Its not uncommon for lawsuits to be filed against debtors after retaining Doan Law Firm and prior to filing Bankruptcy, especially on accounts that have been delinquent for 6 months or longer. Yet as long the Bankruptcy is filed within two (2) to three (3) months of service of the lawsuit, adverse consequences such as a wage garnishments, bank levies, or real estate liens usually are not an issue. Moreover, the Bankruptcy eventually resolves the lawsuit(s). However, waiting too long can definitely be risky.
Once the Bankruptcy is filed, the lawsuit must either be stayed (put on hold) or dismissed. The Bankruptcy Automatic Stay prohibits any further continuation of the lawsuit and fully protects debtors, with certain exceptions (criminal matters, custody matters, and other matters that do not involve collecting on accounts personally against debtors). A creditor failing to stay or dismiss a lawsuit after a Bankruptcy is filed is unlawful and could result in monetary damages being paid to the debtor, including attorneys’ fees and costs.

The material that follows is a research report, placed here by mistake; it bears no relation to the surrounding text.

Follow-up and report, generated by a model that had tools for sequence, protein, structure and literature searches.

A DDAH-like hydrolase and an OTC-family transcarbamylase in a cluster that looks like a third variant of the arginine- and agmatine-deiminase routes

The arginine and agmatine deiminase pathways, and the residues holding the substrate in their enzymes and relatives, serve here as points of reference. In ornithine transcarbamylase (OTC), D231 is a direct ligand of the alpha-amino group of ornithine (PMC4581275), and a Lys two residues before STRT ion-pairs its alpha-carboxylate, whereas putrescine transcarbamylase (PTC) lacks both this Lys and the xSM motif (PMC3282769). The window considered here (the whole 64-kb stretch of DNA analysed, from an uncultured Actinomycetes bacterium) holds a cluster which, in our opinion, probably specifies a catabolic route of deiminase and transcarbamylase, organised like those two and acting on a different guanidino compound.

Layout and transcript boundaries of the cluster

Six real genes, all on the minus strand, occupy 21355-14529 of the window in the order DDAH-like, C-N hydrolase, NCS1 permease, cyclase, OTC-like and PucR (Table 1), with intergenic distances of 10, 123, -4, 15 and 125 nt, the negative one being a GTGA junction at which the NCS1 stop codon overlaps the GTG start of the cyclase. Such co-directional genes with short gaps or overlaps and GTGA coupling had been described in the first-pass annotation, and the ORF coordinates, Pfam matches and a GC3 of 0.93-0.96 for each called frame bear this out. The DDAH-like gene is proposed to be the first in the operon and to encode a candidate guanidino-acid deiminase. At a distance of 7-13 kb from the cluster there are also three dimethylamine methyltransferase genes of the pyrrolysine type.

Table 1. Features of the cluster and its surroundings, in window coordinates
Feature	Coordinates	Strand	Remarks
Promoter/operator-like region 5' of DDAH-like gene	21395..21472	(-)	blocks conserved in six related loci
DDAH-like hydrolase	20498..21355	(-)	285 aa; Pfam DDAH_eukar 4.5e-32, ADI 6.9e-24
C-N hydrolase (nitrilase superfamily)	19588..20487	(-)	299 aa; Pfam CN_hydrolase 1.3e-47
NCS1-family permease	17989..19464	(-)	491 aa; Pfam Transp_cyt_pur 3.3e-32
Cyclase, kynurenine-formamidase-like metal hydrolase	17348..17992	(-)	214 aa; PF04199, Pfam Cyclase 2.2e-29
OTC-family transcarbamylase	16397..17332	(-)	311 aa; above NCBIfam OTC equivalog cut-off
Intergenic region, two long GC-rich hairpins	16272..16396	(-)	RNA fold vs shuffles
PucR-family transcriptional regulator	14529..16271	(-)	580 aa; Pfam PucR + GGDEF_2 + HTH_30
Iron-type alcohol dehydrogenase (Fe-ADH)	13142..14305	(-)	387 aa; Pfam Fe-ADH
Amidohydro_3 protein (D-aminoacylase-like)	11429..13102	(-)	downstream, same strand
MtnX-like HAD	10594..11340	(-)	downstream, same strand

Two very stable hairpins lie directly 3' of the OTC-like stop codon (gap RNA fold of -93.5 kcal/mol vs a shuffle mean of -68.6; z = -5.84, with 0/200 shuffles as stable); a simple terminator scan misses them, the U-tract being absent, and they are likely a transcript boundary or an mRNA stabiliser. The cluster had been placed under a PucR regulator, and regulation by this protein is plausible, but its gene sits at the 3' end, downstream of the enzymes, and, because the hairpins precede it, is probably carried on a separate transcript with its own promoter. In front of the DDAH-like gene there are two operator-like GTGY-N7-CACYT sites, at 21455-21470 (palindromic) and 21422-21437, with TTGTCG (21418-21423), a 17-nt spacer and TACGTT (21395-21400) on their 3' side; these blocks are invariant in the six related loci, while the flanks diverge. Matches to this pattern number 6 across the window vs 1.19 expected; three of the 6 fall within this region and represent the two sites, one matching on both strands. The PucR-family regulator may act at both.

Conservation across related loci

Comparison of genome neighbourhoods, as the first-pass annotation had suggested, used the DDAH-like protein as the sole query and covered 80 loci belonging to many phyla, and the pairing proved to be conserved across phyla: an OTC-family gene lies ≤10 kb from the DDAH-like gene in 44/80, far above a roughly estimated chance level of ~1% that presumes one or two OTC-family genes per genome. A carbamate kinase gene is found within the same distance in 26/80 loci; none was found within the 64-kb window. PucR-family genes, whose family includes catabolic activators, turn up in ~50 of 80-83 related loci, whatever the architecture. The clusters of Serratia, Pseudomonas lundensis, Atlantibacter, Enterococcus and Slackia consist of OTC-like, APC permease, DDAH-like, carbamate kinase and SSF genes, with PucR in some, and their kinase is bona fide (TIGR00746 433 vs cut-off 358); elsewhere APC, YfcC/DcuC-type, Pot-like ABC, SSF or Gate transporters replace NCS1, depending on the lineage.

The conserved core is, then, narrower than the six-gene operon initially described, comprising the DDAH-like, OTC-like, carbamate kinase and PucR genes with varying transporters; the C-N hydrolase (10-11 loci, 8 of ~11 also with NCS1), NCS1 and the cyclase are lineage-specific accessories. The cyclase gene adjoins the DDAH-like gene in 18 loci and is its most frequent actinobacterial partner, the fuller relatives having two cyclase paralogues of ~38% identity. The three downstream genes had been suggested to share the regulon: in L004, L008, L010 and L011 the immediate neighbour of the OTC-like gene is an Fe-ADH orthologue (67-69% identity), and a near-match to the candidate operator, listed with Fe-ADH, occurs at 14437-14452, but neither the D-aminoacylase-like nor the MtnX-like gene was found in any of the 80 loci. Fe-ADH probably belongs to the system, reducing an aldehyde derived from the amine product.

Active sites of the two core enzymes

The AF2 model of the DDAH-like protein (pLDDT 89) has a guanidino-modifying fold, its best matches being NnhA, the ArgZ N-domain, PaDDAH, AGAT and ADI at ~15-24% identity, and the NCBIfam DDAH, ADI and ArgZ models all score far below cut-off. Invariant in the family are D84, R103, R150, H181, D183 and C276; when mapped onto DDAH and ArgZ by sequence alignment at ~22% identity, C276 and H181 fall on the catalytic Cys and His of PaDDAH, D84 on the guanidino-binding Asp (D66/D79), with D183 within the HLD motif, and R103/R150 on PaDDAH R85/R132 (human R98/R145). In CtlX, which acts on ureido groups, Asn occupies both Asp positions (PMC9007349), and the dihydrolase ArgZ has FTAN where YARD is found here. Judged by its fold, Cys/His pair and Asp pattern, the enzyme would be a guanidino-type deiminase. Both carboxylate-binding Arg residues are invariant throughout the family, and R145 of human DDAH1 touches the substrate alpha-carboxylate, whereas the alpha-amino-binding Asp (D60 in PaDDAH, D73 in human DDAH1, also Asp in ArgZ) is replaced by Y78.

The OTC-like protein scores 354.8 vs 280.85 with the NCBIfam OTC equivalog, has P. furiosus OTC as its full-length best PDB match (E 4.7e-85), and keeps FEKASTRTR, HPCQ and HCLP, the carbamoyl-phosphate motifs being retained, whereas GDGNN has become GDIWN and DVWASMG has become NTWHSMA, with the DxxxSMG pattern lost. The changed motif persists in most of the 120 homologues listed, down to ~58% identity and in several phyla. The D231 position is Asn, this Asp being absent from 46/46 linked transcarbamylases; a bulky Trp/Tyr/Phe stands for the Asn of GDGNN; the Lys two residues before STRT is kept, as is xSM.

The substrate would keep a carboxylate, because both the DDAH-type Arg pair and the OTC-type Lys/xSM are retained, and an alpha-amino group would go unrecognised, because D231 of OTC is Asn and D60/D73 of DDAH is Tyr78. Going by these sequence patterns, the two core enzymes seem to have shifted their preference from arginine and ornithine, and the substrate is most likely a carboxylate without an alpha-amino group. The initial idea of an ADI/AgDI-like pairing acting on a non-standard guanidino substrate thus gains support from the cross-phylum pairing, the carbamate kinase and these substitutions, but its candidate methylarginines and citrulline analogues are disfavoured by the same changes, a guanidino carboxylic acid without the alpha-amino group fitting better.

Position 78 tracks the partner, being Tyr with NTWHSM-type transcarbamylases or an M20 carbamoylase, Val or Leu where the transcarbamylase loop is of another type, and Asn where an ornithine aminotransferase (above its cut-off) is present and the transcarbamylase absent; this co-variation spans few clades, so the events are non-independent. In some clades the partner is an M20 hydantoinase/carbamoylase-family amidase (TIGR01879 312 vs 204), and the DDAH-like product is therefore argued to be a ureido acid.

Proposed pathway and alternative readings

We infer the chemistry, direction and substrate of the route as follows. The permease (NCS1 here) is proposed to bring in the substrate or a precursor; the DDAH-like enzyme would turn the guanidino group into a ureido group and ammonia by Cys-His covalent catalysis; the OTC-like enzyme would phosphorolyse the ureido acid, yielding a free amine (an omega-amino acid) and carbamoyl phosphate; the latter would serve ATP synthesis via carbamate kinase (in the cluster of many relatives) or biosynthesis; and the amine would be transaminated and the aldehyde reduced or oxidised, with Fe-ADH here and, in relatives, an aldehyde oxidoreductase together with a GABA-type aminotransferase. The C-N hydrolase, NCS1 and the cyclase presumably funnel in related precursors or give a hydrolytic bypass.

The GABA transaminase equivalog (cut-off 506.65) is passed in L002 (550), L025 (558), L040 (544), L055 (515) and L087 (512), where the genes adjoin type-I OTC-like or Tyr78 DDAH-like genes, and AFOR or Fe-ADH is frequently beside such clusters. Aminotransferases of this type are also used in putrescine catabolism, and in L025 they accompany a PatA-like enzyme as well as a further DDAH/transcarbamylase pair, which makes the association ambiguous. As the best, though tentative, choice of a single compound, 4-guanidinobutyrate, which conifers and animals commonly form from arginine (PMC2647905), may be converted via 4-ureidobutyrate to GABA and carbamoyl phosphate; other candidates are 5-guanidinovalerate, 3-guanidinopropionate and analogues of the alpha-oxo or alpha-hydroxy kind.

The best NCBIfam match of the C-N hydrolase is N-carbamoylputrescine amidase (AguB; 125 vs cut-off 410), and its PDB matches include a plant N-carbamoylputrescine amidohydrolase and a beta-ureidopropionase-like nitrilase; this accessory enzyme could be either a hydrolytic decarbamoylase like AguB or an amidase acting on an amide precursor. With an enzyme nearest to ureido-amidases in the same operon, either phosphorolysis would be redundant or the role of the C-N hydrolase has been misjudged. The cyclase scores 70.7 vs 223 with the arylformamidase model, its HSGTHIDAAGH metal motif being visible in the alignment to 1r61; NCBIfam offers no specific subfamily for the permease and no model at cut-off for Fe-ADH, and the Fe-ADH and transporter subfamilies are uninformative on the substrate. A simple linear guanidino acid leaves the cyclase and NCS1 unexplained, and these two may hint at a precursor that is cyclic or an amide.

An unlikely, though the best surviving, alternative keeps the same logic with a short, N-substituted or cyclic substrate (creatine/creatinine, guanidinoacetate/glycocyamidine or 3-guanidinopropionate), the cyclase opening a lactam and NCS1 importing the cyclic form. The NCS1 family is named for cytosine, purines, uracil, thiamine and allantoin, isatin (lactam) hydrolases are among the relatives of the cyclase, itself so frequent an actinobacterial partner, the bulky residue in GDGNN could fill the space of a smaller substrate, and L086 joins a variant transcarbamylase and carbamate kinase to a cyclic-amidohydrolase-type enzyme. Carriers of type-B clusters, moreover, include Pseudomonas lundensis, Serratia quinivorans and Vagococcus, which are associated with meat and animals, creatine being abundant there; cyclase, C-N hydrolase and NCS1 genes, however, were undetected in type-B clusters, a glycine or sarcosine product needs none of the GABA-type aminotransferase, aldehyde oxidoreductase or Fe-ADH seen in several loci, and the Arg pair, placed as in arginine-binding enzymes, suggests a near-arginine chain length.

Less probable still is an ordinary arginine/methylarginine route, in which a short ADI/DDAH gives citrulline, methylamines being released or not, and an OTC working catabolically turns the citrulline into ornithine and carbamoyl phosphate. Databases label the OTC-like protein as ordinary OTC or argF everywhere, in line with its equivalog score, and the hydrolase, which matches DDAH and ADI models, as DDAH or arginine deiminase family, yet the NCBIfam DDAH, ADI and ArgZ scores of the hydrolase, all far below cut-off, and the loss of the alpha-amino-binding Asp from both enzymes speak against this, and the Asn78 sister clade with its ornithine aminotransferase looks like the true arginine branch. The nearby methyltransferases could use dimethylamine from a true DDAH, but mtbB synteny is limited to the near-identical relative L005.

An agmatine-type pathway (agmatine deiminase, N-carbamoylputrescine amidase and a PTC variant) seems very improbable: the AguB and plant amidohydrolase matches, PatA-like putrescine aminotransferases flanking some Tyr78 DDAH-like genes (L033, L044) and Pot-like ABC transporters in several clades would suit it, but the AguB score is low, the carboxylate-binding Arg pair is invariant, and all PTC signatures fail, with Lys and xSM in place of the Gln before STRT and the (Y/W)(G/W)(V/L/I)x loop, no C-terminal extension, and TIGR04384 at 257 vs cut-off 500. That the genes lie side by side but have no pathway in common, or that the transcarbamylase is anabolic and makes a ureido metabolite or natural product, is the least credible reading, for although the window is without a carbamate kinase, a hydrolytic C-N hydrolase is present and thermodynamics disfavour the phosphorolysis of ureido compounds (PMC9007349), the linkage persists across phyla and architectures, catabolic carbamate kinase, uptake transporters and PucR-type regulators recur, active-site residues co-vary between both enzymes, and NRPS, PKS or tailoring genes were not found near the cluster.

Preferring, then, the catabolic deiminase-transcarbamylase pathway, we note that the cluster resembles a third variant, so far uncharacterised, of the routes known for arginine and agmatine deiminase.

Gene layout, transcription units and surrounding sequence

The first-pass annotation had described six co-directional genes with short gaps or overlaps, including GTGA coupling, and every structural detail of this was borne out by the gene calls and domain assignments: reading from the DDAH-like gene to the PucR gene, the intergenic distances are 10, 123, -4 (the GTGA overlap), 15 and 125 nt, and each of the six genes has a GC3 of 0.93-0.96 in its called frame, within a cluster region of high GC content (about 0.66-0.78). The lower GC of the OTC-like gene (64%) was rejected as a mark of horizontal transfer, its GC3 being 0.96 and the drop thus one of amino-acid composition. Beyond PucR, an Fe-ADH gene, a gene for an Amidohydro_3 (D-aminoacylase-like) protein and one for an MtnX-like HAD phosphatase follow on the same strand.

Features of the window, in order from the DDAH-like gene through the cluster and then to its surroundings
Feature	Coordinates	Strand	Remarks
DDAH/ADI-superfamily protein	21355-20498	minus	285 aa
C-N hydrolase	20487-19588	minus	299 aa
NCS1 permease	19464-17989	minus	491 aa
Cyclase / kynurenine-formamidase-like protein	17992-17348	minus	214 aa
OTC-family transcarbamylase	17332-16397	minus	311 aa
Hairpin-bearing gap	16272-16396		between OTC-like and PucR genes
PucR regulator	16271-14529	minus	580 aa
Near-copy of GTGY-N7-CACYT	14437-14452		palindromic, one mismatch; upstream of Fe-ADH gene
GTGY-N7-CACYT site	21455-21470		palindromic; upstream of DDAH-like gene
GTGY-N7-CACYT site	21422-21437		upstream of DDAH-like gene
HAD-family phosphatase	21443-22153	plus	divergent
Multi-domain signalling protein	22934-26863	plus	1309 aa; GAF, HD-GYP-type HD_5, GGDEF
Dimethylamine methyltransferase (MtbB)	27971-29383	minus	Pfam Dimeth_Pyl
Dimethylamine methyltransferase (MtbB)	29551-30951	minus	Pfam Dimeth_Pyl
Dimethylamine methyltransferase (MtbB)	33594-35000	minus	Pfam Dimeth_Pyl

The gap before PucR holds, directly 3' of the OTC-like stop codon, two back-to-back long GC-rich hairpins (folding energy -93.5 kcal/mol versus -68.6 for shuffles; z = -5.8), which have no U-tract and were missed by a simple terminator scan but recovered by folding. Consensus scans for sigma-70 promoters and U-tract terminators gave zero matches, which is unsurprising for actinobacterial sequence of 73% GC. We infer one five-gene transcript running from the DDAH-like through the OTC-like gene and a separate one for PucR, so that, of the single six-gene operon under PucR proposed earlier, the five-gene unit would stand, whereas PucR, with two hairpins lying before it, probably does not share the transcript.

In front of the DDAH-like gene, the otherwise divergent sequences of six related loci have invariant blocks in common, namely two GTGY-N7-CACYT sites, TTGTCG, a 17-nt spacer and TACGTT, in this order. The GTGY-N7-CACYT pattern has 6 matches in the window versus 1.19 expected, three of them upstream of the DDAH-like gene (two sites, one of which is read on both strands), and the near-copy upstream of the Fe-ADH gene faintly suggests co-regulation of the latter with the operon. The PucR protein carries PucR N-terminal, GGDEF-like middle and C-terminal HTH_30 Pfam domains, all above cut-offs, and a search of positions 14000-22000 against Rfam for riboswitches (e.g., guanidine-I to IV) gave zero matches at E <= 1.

Additionally, if you were served with a lawsuit after the filing of your Bankruptcy, PLEASE LET US KNOW IMMEDIATELY. Such unlawful activity could also entitle you to compensation, including attorneys’ fees and costs.
So if you were recently served with a lawsuit, you still have a reasonable amount of time to file your Bankruptcy Case before anything adverse can happen. Notwithstanding, it is always best to file your case sooner than later after service of any lawsuit. In doing so, be sure sure to complete your worksheets, gather all documents, complete your credit counseling course, and pay your bankruptcy balance in full within two (2) to three (3) months of service of the lawsuit.
Written by Michael G. Doan– Michael is a highly skilled Bankruptcy Attorney with over 17 years of experience in the fields of insolvency, bankruptcy, consumer rights, debt negotiation, creditor collection abuse, estate planning, contracts, real estate, and tax.